In the days of TRUVADA, PrEP and vastly better education on transmission, the AIDS epidemic feels to many like a forgotten spectre – one which has faded with time, the haunt slipping away with every newly discovered treatment or decreasingly anxious pride event. In contrast, Robin Campillo’s 120 Battements Par Minute feels like a cry of rebuke towards this forgetfulness, recalling the disease with deeply personal, vivid detail.
In much the same strain as Larry Kramer’s impassioned play The Normal Heart, or the stellar 2015 documentary How to Survive a Plague, 120 BPM follows the epidemic from the perspective of Paris ACT UP – the AIDS Coalition to Unleash Power, the premiere AIDS activist group, founded by Kramer in New York in 1983 – as it progresses into the early nineties.
Campillo interweaves dual narratives to great affect: a wider, fly-on-the-wall, realist depiction of ACT UP’s activism; and the more sensitive, intimate relationship of two activists, Sean and Nathan – gorgeously portrayed by Nahuel Biscayart and Arnaud Valois – applying a more personal touch amidst the wider chaos. It is here where humanity really comes to show: their sexuality, their love, and their yearn for one another not to die.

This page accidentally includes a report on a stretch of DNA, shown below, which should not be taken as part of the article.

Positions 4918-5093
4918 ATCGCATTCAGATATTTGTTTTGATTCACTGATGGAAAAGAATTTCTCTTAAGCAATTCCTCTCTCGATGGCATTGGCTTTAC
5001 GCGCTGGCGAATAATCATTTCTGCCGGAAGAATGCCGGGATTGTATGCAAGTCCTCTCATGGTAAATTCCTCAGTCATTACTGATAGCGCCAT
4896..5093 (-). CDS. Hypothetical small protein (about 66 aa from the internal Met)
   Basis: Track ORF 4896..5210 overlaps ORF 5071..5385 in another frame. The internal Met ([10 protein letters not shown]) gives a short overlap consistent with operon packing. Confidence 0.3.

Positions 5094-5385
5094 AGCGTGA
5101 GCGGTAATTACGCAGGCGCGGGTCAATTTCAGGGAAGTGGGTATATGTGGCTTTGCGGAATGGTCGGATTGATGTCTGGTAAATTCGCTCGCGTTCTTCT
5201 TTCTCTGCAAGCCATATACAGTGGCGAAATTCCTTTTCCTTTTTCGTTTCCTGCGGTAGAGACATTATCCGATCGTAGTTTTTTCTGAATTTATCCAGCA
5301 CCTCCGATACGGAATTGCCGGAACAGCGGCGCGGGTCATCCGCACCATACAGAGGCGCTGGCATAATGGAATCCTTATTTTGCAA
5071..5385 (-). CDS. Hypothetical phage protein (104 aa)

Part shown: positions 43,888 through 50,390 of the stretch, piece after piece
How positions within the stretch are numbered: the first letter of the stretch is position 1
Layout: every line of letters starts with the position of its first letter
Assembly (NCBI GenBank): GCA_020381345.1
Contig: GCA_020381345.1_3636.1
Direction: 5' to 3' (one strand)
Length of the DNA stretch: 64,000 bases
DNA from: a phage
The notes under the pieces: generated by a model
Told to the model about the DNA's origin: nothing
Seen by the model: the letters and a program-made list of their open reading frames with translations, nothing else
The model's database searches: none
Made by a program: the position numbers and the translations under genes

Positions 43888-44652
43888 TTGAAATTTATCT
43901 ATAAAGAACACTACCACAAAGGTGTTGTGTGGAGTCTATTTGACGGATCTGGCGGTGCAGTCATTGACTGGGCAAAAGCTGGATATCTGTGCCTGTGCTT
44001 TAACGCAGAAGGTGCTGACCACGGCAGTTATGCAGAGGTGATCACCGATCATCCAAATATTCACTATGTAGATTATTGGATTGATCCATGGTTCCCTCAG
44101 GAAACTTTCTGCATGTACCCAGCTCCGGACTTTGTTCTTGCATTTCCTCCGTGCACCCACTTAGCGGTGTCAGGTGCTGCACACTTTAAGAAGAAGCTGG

At the climax of the film, these coalesce to great effect to underline Campillo’s wider critique, and accusation, of institutional neglect. Sean passes, leaving us drained not only by his death, but also by the legislative and social injustices which have led to it. Deeply solemn and fiercely critical, 120 BPM compels us not only to remember, but also to never forgive.